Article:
High-performance process-based simulation methods for stormwater management in urban areas
Rapid urbanisation is considered to be one of the reasons of increased risk for urban flooding, which has become a widespread natural hazard worldwide causing significant economic damage and loss of lives, as well as deteriorating stormwater quality and environment. Sustainable Drainage Systems (SuDS) are proposed as a promising approach for stormwater management to attenuate runoff, mitigate flood risk, and meanwhile create other benefits, including reducing non-point source (NPS) pollutants through infiltration, sorption and biological processes. To better design and implement SuDS to optimise their performances, a computationally efficient and robust physical-based numerical modelling tool is essential.
A variety of numerical models have been reported for simulating the performance of SuDS in managing both the runoff and stormwater quality. Simulation of stormwater quality involves modelling the pollutant wash off and transport in urban areas, usually based on empirical methods or models solving the advection and diffusion equation. However, these methods have clear limitations in not being able to simulate the full physical processes of pollutant wash-off and transport and trace out the trajectories and the pathways of pollutants. The simulation of runoff with SuDS treatment has been widely carried out using hydrological models and simplified hydrodynamic models. Most of the hydrological models cannot provide sufficient details of the spatial variability and the simplified hydrodynamic models are not able to accurately predict the dynamics of transient flows. The limitations restrict the application of the current prevailing models in providing sufficient details in designing and implementing SuDS to effectively manage runoff and flooding from intense rainfall. There is a need to address the technical issues and develop new modelling approaches to improve the practice of SuDS design, implementation and assessment.
A new coupled hydrodynamic and particle-based stormwater quality model is developed in this work to simulate the full-process dynamics of NPS particulate pollutants induced by rainfall in urban areas, from pollutant detachment, transport to deposition. A novel particle-based Hairsine-Rose (H-R) model is proposed to describe the detachment and deposition process of pollutant particles. This model is coupled with a random-walk particle-tracking modelling mothed to simulate the transport of pollutant particles. The whole model can directly trace out the trajectories of individual particles and hence identify the pathways of pollutant. Another full coupled hydrodynamic-SuDS model is further proposed by integrating the hydrology simulation of SuDS and surface hydrodynamic simulation together. The proposed model can simulate the hydrodynamics of runoff, overland flow and flooding interacting with SuDS devices. The two coupled models are implemented on Graphic Processing Units (GPUs) through the NVIDIA CUDA modelling platform to achieve high-performance computing.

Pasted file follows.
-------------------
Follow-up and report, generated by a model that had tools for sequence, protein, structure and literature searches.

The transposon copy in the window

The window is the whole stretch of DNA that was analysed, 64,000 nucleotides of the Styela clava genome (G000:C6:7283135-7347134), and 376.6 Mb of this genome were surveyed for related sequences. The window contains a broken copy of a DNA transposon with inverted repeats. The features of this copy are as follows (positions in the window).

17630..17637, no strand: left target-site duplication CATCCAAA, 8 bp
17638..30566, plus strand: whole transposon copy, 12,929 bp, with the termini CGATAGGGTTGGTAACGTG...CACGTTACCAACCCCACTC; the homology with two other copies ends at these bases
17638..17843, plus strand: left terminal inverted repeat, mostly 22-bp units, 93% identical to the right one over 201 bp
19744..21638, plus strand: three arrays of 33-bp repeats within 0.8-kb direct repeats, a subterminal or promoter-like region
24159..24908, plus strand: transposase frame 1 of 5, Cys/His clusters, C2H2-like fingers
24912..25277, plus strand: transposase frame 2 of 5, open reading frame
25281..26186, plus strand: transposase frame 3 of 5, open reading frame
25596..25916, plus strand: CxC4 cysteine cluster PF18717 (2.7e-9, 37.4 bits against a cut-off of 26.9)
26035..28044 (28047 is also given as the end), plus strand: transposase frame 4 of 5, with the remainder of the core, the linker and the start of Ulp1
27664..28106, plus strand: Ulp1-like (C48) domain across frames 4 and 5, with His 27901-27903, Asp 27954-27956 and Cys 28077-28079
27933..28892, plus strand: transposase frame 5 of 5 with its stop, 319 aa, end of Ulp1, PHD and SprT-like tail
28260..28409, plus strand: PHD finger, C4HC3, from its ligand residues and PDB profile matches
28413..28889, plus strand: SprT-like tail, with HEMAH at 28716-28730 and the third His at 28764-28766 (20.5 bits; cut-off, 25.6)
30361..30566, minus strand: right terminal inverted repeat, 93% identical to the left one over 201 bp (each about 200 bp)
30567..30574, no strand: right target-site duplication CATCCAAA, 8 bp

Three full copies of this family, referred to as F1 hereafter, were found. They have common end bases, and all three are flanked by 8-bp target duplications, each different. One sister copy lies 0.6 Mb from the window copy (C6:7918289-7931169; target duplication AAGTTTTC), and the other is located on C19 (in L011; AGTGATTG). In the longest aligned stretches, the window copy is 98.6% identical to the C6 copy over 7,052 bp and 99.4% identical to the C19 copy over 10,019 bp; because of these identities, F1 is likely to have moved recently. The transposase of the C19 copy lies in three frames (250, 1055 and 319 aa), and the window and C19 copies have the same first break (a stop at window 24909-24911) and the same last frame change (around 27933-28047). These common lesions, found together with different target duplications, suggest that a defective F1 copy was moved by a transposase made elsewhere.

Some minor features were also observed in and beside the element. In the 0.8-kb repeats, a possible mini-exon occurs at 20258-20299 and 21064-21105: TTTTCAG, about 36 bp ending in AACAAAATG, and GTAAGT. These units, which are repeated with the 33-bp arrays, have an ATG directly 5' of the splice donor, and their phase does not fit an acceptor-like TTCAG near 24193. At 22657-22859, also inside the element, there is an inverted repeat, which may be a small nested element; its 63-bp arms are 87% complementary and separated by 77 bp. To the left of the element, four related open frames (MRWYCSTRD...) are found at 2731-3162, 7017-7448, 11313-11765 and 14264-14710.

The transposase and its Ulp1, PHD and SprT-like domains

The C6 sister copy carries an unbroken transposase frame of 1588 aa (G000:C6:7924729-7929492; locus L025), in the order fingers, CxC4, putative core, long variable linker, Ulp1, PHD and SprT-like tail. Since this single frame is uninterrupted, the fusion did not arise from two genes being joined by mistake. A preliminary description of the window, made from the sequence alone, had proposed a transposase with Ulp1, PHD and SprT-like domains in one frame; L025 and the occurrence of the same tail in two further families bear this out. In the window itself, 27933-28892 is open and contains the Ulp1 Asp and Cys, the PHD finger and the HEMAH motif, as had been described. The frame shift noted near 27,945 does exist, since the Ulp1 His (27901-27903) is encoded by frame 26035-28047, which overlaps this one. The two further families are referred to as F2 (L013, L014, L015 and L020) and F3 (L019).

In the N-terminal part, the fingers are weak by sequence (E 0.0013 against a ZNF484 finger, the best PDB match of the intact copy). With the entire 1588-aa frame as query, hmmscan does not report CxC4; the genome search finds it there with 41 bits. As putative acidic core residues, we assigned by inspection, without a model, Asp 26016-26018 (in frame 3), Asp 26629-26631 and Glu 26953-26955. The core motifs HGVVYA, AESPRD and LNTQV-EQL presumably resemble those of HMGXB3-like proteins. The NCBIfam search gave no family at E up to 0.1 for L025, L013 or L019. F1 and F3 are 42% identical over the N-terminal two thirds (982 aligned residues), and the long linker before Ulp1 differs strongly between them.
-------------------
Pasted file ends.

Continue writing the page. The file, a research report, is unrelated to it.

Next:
Several idealised and experimental test cases are successfully simulated to validate the two new coupled models. The full coupled hydrodynamic-SuDS model is finally applied to a real-world case study in Can Tho City, Vietnam to evaluate the performances of different types of SuDS for flood mitigations. Successful simulation of the test cases and application to the case study demonstrate that the two new coupled models can support accurate simulation of both flow hydrodynamics and stormwater quality related to SuDS, potentially providing new tools to better support for design, assessment, and operation of different types of SuDS.
- Architecture, Building and Civil Engineering